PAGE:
Tuesday, February 22, 2005

Thompson called wife before suicide

Hunter Thompson asked his son to leave him alone in the kitchen before he shot himself in the mouth. He also called his wife.

A friend, Louisa Davidson, said he was a prisoner of his own lifestyle.

She said Thompson had been depressed, talked about suicide and "was a prisoner of his lifestyle."

Davidson once partied with Thompson and his friends, but said she has been sober for two years. She said she hopes a message can be gleaned from Thompson's suicide.

"The party is over," said Davidson.

"Maybe for people he had the coolest life ever," she said. "Our generation is so full of addicts. This valley glorified this lifestyle."

After Ernest Hemingway killed himself, Thompson went to Ketchum, Idaho, to write a story.[Rocky Mountain News]
Historian Douglas Brinkley is editing the third volume of Thompson's correspondence and plans to continue the project. The writer himself was "the best character he created."[USA Today]
Tom Wolfe recollects some memorable dining moments with Thompson, including their first lunch at a New York City restaurant where Thompson pulled a marine distress signal from a paper bag and let it rip.
Wolfe also recalls an incident in Scotland.
In the summer of 1988 I happened to be at the Edinburgh Festival in Scotland one afternoon when an agitated but otherwise dignified, silver-haired old Scotsman came up to me and said, "I understand you're a friend of the American writer Hunter Thompson."

I said yes.

"By God -- your Mr. Thompson is supposed to deliver a lecture at the Festival this evening -- and I've just received a telephone call from him saying he's in Kennedy Airport and has run into an old friend. What's wrong with this man? He's run into an old friend? There's no possible way he can get here by this evening!"

"Sir," I said, "when you book Hunter Thompson for a lecture, you have to realize it's not actually going too be a lecture. It's an event -- and I'm afraid you've just had yours."

Wolfe calls Thompson the 20th Century's greatest comedy writer in the English language, following the tradition of Mark Twain.[WSJ]

Thompson's lawyer says writer left hints that now make sense, leaving instructions that he didn't want his papers sold off piecemeal. Thompson's estate is worth millions. [Boston Globe]
Thompson wants a church funeral and his cremains to be shot out of a cannon. [Newsday]
Mark Twain's biographer, Justin Kaplan, says Thompson shook up journalism.
"Thompson was always going against the conventional, in thinking and writing and journalism...There was something distinctly and proudly subversive about him, as there was about Mark Twain, and we certainly need people like that."

...He said the Hunter Thompsons of the world are few and far between in today's journalism, a business that "doesn't seem to have a hell of a lot of backbone these days. It's corporate journalism that doesn't encourage this kind of oppositional or satirical writing."

[SF Chronicle]

Jerry Jeff Walker named his band "The Lost Gonzos" in honor of Thompson.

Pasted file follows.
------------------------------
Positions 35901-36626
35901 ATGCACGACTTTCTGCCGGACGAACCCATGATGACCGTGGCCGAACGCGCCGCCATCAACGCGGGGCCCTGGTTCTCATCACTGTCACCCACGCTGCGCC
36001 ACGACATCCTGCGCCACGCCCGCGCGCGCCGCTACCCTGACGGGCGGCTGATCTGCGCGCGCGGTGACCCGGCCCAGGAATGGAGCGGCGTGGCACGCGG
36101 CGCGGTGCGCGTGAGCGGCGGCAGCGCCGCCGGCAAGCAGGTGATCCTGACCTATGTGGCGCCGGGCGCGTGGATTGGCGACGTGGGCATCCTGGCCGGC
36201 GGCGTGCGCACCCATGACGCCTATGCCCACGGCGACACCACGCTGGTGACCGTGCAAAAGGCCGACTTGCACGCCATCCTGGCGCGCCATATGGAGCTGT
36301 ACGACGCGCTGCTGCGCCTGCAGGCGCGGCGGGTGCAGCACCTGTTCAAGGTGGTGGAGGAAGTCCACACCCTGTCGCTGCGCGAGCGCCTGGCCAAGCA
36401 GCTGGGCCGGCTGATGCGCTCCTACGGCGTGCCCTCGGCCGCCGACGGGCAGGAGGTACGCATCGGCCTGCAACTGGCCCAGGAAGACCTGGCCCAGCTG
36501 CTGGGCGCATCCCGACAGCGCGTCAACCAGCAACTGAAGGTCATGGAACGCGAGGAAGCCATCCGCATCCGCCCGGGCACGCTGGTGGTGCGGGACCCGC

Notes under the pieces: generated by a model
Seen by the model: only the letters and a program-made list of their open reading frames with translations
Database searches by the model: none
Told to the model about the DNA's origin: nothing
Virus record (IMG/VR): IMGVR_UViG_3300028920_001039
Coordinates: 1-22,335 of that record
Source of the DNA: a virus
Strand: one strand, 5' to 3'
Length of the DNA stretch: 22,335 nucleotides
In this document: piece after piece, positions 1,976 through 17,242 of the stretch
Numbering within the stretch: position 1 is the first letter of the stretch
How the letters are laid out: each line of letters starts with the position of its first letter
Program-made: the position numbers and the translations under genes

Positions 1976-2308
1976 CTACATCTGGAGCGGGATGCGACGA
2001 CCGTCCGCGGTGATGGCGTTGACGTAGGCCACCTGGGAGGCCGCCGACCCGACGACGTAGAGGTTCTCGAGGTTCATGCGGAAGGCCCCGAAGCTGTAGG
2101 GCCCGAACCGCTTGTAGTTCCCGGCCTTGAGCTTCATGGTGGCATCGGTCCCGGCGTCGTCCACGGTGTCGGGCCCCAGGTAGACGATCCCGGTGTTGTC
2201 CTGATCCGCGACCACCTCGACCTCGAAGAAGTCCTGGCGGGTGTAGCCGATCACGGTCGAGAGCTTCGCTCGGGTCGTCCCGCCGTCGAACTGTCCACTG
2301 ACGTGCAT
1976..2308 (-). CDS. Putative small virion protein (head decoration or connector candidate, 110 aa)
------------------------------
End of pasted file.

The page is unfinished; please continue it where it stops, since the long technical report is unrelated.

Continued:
...in honor of old friend Hunter S. Thompson, I nicknamed the band the Lost Gonzos.

I had become a fan of Hunter’s writing, and Rosalee Sorrells once told me, "You need to visit my friend Hunter in Woody Creek, Colorado. He loves Wild Turkey, too."

So I did, and we spent a couple of nights roaring our tits off around Aspen and wound up singing in his living room to his peacocks.

I decided that what the band and I were doing musically, he was doing in his books. That night at his house we discussed Gonzo-ism: "Taking an unknown thing to an unknown place for a known purpose." (mid-1970s)

(From "Gypsy Songman," by Jerry Jeff Walker (Woodford Press, 1999))

Robert Sam Anson describes Thompson at party hosted by Rolling Stone editor Jan Wenner.
...past midnight, in a townhouse on New York’s fashionable East Side, a rock magazine publisher [Rolling Stone’s Jann Wenner] is hosting a party for his staff...

The hour is late...he is doing his best to get drunk. Standing off in a corner, trademark shades in place, stoned as usual, he looks oddly depressed. This is not his kind of crowd. Everyone appears to be over thirty. They are wearing suits and ties. None of them is stoned. And they are all so calm. That is the real problem: none of them is crazy. They wouldn’t understand the demons that live in his head. He drains his glass in a gulp and orders another drink. And then another. Buy the end of the evening, he will have had many drinks, and will still be sober. It is his special curse: to be able to fill his body with alcohol and drugs, and always have it function; never to be able to blot out what he has seen, what he knows. And looking around, he knows that it is over: the revolution, the fighting, the chance to be different. The counterculture has become The Culture, and out there in the streets is the proof.... (1976)

(From "Gone Crazy and Back Again: The Rise and Fall of the Rolling Stone Generation," by Robert Sam Anson (Doubleday, 1981))


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